Overnight, as if the previous two years had been airbrushed from history, Pakistan have prospects in the series against England starting today. It has been provided, more or less entirely, by the quality of their fast-bowling attack which has abruptly found itself as the talk of the summer.
To hear some of the opinions being expressed it is as if the great attack of the Nineties had been reassembled, that Wasim Akram, Waqar Younis and their sparring partner from 1996, Aaqif Javed, had been reincarnated as Mohammad Aamer, Mohammad Asif and Umar Gul.
This estimation should be repudiated but having bowled out Australia for 88 in Leeds last week, even if the pitch had been a minefield and the overhead conditions consisted of pea soup (they weren't) that would have been quite something. Australia detained them somewhat longer second time around – 261 runs and 62 overs longer – but the star had already risen by then.
There is no question that this trio have something and that it is something different in every case. Andrew Strauss was understandably reluctant to talk up the opposition on the eve of the series yesterday but he had to concede: "They're a good varied bowling attack. I don't think it's our job to overly hype the opposition. Most Test teams you play against have got a good bowling attack and Pakistan is one of the better ones we'll see."
Aamer at 18 has the world at his feet. Sound judges would include him in a world XI even now. He has pace, can swing it both ways, intelligence and a well disguised slower ball. The thought of how good he might be when he has more than 344.5 Test overs under his belt should have Test batsmen pondering alternative employment.
Aamer and his fellows seem to be the ideal pace combination as the Pakistan captain, Salman Butt, almost visibly purring, suggested yesterday. "Yes, they're very different. Mohammad Aamer has most skills that a fast bowler needs. He has pace on his side, swing and the mental side of Mohammad Aamer is very good. He is mature for his age. Mohammad Asif is, I think, one of the best seam bowlers in the world – very accurate lines and lengths and Umar Gul, I think, with the old ball, with the reverse swing is one of the most lethal guys in the world."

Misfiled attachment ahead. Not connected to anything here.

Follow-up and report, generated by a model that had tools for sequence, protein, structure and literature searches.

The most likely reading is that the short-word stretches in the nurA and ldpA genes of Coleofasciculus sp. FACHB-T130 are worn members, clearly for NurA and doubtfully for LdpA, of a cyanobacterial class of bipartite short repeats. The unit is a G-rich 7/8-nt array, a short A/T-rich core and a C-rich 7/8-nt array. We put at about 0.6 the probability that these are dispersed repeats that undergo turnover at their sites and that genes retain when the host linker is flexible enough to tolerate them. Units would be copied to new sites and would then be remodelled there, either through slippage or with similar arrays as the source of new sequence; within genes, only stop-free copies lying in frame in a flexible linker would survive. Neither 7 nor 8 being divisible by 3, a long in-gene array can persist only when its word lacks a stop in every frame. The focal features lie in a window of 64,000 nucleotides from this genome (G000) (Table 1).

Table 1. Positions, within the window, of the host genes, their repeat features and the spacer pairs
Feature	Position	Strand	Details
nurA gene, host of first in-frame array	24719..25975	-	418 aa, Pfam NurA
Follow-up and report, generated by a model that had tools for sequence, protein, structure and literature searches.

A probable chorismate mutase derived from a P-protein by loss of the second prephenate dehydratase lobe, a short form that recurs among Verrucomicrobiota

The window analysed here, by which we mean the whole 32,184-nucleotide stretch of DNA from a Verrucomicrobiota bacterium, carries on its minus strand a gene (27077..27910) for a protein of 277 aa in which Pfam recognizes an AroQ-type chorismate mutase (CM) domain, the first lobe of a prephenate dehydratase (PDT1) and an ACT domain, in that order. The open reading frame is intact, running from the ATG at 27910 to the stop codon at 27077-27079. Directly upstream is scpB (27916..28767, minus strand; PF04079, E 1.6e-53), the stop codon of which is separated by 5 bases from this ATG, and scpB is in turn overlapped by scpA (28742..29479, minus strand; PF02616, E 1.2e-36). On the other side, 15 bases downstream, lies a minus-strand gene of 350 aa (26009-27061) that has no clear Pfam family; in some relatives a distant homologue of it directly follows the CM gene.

And there in a nutshell you had it. With a hint of assistance in the conditions this lot could cut through opposition batsmen. What Butt may ponder, of course, under Nottingham skies likely to favour the moving ball, is that England have a few dab hand practitioners themselves.
But it is also his great cause for optimism. "They bring a lot of confidence to me as a captain and us as a team because whatever totals you score, you are always confident you have a good bowling attack and you can defend it."
Given the nature of these things, it would be no surprise at all if, by the end of the series, the traditional and tedious aspersions were cast on Pakistan's ability to persuade movement from the ball. But Butt appears to be a sanguine leader who has no intention of harking back to the past.
He displayed no inclination whatever to summon the veterans, Younis Khan and Mohammad Yousuf to prop up the inexperienced batting middle order. Of Azhar Ali and Umar Amin he said: "I think they've both shown good character in difficult batting conditions. They have shown they are very bright for Pakistan's future. We have to support them and help them out of difficult situations." That was a message to the Pakistan administrators if ever there was one.
The trusted trio: Pakistan's impressive pace attack
Age 18 Tests 10 Wickets firstname.lastname@example.org
Quickest member of the attack, swings ball both ways. Clever slower ball
Age 27 Tests 19 Wickets email@example.com
Career marred by drug bans. Accurate line and length. Swings ball both ways
Age 26 Tests 28 Wickets firstname.lastname@example.org
Tallest of the trio, Gul specialises in reverse swing and is naggingly accurateReuse content